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At EiO and The Hive, newly opened on Charlotte Pike, founder Jennifer Masley has two missions: Prepare delicious foods using all organic ingredients (that’s the EiO, or Everything is Organic, part of the equation) and serve them in a place that fosters community (hence, The Hive). The concept had long been forming in her mind; as a lifestyle specialist, she had a clear vision of creating community. Collaborating with chef Dale Levitski, she saw the food come together in a way that exceeded her expectations.
“I asked Dale to create a menu that maximized flavor, while minimizing fat-sugar-salt. He really elevated the offerings,” Masley says. “It’s healthful, fine dining in a fast-casual setting.”
Chef Levitski, who has developed many restaurant concepts, relished the challenge.
“I had to learn a new set of rules,” he says. “That I could wake up vegetables with just a splash of acid or fat and dash of salt. That vegans, vegetarians, and omnivores can co-exist sustainably.”
Masley and Levitski are proud to assure their customers that everything is fresh, organic, and seasonal. Much of it they source locally, and some they grow themselves in a nearby plot.
Salads and bowls all begin in vegan format, ready for you to build on and customize. To the Ginger Lemongrass Trinity (a grain trio of bulghur, farro, and millet) you might add The Garden—a fresh medley of cukes, avocado, radishes, squash, and pole beans in rice wine vinaigrette—and, further, top it with smoked, wild-caught salmon. The Caesar, dressed in a remarkable vegan aioli, is made more complex with cuts of asparagus, green apple, and lotus root. Punch it up with shavings of manchego. For that essence of summer on a plate, look no further than the Tomato Panzanella, which tumbles raw, poached, and roasted heirlooms with sweet corn, basil, and cubes of rustic bread. You could add more, but it is perfect as it is.
The eatery has a laidback vibe, with choice of seating at a community table, boho lounge areas, café tables, and banquettes. Work of local artists adorns the walls, including a brilliant mural in a repetitive beehive pattern. Lush green plants in macramé hangers suspend from the ceiling. Here, Masley hosts book events, workshops, and a once-a-month yoga brunch.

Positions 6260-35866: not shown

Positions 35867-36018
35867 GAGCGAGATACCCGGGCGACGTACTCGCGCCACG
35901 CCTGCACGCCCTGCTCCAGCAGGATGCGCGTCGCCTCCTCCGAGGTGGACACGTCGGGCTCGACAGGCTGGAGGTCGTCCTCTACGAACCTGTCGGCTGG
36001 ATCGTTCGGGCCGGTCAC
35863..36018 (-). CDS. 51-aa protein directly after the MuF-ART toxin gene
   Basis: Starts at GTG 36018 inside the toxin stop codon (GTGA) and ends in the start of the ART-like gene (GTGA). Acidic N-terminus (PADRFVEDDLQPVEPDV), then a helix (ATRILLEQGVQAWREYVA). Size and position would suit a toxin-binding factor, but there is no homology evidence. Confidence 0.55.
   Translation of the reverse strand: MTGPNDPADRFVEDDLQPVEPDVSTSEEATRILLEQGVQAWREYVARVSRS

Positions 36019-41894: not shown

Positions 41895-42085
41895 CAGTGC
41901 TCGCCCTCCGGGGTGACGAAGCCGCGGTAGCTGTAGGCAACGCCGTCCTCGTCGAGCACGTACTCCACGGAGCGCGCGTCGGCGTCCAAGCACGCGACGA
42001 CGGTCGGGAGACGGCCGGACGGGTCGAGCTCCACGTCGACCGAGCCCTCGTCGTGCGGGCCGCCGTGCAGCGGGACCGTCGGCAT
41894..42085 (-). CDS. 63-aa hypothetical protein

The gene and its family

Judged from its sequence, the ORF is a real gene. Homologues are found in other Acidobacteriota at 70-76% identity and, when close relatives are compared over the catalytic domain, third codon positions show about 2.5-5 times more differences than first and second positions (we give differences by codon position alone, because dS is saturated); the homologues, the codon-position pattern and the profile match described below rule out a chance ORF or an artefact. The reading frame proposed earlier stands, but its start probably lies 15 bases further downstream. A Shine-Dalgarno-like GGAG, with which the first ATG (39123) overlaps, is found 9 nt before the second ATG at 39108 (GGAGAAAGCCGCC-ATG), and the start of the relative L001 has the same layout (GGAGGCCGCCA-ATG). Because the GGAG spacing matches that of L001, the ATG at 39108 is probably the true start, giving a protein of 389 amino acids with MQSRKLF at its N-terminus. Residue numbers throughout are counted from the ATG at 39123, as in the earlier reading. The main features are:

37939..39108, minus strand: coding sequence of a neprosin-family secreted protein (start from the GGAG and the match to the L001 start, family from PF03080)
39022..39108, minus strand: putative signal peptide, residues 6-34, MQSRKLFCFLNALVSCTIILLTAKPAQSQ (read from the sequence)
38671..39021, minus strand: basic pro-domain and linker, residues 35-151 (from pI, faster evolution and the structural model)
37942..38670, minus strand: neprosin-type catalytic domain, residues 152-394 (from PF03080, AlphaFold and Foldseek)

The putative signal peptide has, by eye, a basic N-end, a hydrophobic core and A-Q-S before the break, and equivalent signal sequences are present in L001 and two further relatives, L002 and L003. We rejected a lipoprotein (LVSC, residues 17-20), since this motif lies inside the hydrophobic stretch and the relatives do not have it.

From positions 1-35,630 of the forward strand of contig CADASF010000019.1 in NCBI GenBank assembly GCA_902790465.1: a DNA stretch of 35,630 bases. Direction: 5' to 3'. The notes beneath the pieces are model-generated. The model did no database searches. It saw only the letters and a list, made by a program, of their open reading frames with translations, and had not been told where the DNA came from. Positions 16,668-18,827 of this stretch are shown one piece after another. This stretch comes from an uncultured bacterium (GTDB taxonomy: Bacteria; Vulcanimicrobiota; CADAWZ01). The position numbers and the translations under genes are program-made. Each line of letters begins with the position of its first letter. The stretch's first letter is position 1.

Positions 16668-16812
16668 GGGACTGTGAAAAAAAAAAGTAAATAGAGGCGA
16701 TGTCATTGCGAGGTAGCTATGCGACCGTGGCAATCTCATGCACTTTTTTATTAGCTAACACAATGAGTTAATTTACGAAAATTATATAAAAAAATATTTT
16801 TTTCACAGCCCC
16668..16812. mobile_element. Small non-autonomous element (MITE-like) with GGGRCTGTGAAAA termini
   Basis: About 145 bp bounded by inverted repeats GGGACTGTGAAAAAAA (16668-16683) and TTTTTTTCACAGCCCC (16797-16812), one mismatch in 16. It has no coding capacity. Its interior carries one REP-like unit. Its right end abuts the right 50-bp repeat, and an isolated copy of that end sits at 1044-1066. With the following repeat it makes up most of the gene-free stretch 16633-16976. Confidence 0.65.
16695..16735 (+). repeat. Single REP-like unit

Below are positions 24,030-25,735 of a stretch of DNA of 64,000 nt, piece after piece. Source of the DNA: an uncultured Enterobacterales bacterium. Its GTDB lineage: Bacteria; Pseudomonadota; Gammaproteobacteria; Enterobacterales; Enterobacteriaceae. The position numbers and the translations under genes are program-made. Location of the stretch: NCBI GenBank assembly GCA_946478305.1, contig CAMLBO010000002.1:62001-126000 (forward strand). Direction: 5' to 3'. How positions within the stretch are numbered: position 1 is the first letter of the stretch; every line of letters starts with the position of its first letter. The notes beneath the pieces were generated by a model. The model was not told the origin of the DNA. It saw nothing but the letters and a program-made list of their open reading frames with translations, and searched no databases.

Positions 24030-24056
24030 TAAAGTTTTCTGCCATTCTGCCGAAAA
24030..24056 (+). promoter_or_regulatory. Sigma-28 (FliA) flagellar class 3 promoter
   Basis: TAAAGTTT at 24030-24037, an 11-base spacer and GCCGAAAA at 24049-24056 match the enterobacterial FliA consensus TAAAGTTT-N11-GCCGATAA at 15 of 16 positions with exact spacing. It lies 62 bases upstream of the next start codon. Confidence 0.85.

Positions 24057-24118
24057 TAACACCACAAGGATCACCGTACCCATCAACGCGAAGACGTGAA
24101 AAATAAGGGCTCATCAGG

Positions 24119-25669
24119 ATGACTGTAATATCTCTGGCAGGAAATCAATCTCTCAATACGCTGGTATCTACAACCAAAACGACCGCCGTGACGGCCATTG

She says, “What’s important is not just the food you eat, but the people you surround [yourself] with.”
Yoga or not, weekend brunch is big at EiO. It’s also Levitski’s favorite. “It’s the most honest meal,” he muses, “where you come in after a big night and lay your stories on the table.” Our pick for the brunch table is his Shrimp Fried Rice, a deft stir of Gulf shrimp, veggies, and red jasmine rice sparked with tamari-lime vinaigrette and crowned with a sunny egg.
EiO can be your take-away market, too: Broths, salads, bowls, and the not-to-be-missed rotisserie chickens are all available. Levitski brines the birds for 24 hours in a honey-salt solution and roasts them to a rich and glazy brown. A sense of community—the hive—is forming, as Masley notes the growing numbers of regular customers who come to dine.
“Some restaurants are about the chef,” Levitski says. “And food preferences can be polarizing. Here, it’s about you. And your well-being. We want to make people happy.”
5304 Charlotte Pk., 615-203-0433; eioandthehive.com
Photos by Emily Hall Dorio, Katherine Tippett.